Results suggest that self-esteem and perceived health are of universal importance for life satisfaction irrespective of ADL capacity, and these phenomena are thus essential to target in health care interventions. Furthermore, feeling hindered by health problems in daily living, rather than the impairment in ADL capacity, appears to increase the risk for low life satisfaction. In addition to this, people felt hindered by their problems although they had excellent ADL capacity. Several factors contributed to people feeling hindered, and the importance of these factors differed according to the level of the ADL capacity of the individual. The results suggest that people seemingly re-evaluate the importance of their resources when health declines, making certain activities in daily life more important than others.

  • 15.
    Fagerström, Cecilia
    et al.
    Lund University ; Blekinge Institute of Technology.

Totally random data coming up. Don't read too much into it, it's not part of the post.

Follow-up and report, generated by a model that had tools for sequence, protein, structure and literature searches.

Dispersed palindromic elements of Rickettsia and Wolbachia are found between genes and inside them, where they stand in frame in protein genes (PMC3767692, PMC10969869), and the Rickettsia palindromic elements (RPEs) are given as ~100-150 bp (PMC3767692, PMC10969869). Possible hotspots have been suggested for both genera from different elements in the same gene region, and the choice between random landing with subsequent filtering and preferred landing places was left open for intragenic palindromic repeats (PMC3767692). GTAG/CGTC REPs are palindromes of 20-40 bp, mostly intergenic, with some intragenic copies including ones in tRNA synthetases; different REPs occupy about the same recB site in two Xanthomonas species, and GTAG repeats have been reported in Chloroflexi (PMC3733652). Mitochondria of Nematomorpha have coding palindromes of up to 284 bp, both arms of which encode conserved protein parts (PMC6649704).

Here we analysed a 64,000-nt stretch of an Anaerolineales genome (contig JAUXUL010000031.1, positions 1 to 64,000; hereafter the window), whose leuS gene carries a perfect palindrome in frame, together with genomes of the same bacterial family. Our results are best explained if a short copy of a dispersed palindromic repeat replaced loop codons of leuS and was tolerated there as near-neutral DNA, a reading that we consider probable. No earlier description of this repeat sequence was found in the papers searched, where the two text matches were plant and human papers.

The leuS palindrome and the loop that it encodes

Borg, Christel
    Blekinge Institute of Technology.
    Balducci, Cristian
    INRCA, Italy.
    Burholt, Vanessa
    University of Wales, UK.
    Wenger, Clare G.
    University of Wales, UK.
    Ferring, Dieter
    University of Luxembourg, Luxembourg.
    Weber, Germain
    University of Vienna, Austria.
    Holst, Göran
    Blekinge Institute of Research & Development.
    Hallberg, Ingalill R.
    The Vårdal Institute.
    Life satisfaction and associated factors among people aged 60 years and above in six European countries2007In: Applied Research in Quality of Life, ISSN 1871-2584, E-ISSN 1871-2576, Vol. 2, no 1, p. 33-50Article in journal (Refereed)
    Abstract [en]